13. The IAC Building is Frank Gehry’s first successful design in New York City

IAC Building

For decades, Frank Gehry had been one of America’s most famous architects with no prominent presence in New York. Gehry had led numerous projects in New York, but a significant number of them had failed: A replacement for Madison Square Garden, a redesign of One Times Square, an Ian Schrager hotel on Astor Place, the new New York Times headquarters, the renovation of Lincoln Center, and a downtown Guggenheim. It wasn’t until 2003, though, that the Gehry “curse” was broken — in Chelsea.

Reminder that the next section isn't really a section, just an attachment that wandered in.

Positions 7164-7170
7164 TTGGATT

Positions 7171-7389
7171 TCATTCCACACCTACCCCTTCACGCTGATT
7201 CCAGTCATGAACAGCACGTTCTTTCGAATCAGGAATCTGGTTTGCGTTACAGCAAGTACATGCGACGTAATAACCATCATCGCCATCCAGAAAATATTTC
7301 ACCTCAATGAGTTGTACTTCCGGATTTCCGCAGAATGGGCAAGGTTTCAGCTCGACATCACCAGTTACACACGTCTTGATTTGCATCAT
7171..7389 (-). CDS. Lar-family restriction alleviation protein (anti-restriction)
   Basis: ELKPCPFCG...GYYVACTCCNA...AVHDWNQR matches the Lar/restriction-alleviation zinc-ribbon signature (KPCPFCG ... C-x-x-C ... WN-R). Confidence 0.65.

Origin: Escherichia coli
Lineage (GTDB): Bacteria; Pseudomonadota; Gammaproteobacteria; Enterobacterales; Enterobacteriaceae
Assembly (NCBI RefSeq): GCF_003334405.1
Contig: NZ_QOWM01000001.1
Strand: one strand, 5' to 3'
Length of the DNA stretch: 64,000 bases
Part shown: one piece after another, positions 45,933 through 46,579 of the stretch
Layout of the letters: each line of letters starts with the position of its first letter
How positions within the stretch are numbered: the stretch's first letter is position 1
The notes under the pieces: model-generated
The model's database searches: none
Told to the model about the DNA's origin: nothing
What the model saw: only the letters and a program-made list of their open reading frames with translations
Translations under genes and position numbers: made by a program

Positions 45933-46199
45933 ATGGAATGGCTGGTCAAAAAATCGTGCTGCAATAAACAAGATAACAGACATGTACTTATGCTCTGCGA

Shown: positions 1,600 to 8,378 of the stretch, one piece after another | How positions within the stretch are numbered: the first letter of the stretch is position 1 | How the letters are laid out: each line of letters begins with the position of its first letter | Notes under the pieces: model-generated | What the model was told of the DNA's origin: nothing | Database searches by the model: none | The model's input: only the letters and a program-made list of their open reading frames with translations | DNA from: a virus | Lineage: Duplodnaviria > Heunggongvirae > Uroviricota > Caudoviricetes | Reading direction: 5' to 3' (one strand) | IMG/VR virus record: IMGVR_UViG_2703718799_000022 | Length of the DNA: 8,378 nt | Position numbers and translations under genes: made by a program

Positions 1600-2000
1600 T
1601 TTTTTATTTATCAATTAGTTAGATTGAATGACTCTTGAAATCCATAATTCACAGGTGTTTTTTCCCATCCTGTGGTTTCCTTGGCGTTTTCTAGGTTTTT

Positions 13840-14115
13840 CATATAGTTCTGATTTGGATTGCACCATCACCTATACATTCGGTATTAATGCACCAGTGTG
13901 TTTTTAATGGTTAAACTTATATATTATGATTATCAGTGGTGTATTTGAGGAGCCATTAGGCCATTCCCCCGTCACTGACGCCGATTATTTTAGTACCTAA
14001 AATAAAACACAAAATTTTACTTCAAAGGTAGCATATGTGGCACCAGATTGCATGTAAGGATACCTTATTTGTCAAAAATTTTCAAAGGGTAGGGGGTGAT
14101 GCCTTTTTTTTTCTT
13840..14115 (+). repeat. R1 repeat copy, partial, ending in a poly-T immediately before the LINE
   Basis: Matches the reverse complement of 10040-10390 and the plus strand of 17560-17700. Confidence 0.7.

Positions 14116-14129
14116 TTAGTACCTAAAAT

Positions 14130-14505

Barry Diller, the CEO of IAC, a holding company of internet-related businesses, spent a day with Gehry in Los Angeles to start plans on a site on West 18th Street. Diller, who wanted the building to be white, wanted it to stand out as a memorable headquarters building. In 2007, Gehry’s first successful design in New York was completed, and it sure was memorable. The large base consists of twisted tower sections packed together, a pattern mimicked on the more narrow second level. Although Gehry planned for the facade to be of wrinkling titanium, Diller insisted that it be covered with smooth glass; each of 1,437 milk-white glass panels is a slightly different shape. Gehry would go on to successfully design 8 Spruce Street (New York by Gehry) in the Financial District, a 76-story skyscraper and one of the tallest residential towers in the world. Across the street is Chelsea Piers, a place you can mentally mark where the greatest ocean liners once docked (and where some major shipwrecks took place